HP’s Jet Fusion 3D Printing Technology: Enabling the Next Industrial Revolution
Timothy L. Weber, Global Head of 3D Materials & Advanced Applications, HP Inc.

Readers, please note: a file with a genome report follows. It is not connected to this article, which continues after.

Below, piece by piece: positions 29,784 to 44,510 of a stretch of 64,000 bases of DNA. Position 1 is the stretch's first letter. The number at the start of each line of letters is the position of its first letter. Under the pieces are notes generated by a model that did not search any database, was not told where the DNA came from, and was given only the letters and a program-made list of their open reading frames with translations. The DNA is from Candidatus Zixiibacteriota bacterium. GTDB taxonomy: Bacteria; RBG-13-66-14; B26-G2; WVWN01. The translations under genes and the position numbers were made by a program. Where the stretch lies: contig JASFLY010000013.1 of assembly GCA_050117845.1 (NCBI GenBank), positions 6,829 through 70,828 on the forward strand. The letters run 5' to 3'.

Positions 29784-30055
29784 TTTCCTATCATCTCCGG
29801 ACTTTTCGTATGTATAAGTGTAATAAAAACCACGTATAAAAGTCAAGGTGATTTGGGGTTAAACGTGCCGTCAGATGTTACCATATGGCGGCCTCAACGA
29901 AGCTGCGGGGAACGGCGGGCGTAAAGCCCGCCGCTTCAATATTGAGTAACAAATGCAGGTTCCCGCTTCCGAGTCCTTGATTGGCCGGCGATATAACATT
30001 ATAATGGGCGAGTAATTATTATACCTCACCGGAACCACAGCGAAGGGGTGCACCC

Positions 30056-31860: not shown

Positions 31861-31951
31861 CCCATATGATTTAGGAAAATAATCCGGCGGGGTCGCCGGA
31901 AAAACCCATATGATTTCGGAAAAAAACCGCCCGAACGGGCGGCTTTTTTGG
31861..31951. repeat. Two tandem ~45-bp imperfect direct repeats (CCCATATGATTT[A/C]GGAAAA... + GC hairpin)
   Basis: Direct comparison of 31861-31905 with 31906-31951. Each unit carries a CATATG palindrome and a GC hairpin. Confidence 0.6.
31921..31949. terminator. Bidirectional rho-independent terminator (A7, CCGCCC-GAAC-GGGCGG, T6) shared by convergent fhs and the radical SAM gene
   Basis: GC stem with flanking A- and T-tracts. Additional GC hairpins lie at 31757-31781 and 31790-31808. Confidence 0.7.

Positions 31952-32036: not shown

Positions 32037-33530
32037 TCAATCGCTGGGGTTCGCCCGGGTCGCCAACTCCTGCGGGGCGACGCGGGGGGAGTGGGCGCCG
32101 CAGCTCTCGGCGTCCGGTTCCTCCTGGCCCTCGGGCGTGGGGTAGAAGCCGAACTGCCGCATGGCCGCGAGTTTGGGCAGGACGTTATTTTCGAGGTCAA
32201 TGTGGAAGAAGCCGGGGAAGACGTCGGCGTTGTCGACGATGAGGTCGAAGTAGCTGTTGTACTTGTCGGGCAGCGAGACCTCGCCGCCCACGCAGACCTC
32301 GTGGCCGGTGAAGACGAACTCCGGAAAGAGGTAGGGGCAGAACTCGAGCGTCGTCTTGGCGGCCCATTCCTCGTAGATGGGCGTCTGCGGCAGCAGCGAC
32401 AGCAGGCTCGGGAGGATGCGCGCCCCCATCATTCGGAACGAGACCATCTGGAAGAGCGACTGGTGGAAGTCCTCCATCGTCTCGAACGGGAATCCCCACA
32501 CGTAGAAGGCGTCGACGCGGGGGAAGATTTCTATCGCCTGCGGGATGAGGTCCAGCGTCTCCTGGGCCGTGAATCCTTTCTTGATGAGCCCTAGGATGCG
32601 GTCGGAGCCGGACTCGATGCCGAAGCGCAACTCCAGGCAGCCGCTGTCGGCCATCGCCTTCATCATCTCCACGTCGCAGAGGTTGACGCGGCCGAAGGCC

In 2014 Hewlett-Packard announced the development and commercialization of an innovative 3D printing technology that promised to set new standards for performance, quality, reliability and low TCO. HP’s Multi Jet Fusion™ (MJF) technology achieves its breakthrough performance by leveraging the company’s 30+ year history of innovation and market leadership in imaging and digital printing. This presentation will provide an introduction to a new-to-the-world digital fabrication technology that makes it possible to design and print three-dimensional objects that possess both precise geometric and functional characteristics. The MJF technology will radically change the way engineers and designers prototype and produce functional parts and the blending of HP’s MJF 3D printing technology with digital materials design creates a new fabrication paradigm - a paradigm that enables innovation in both form and function.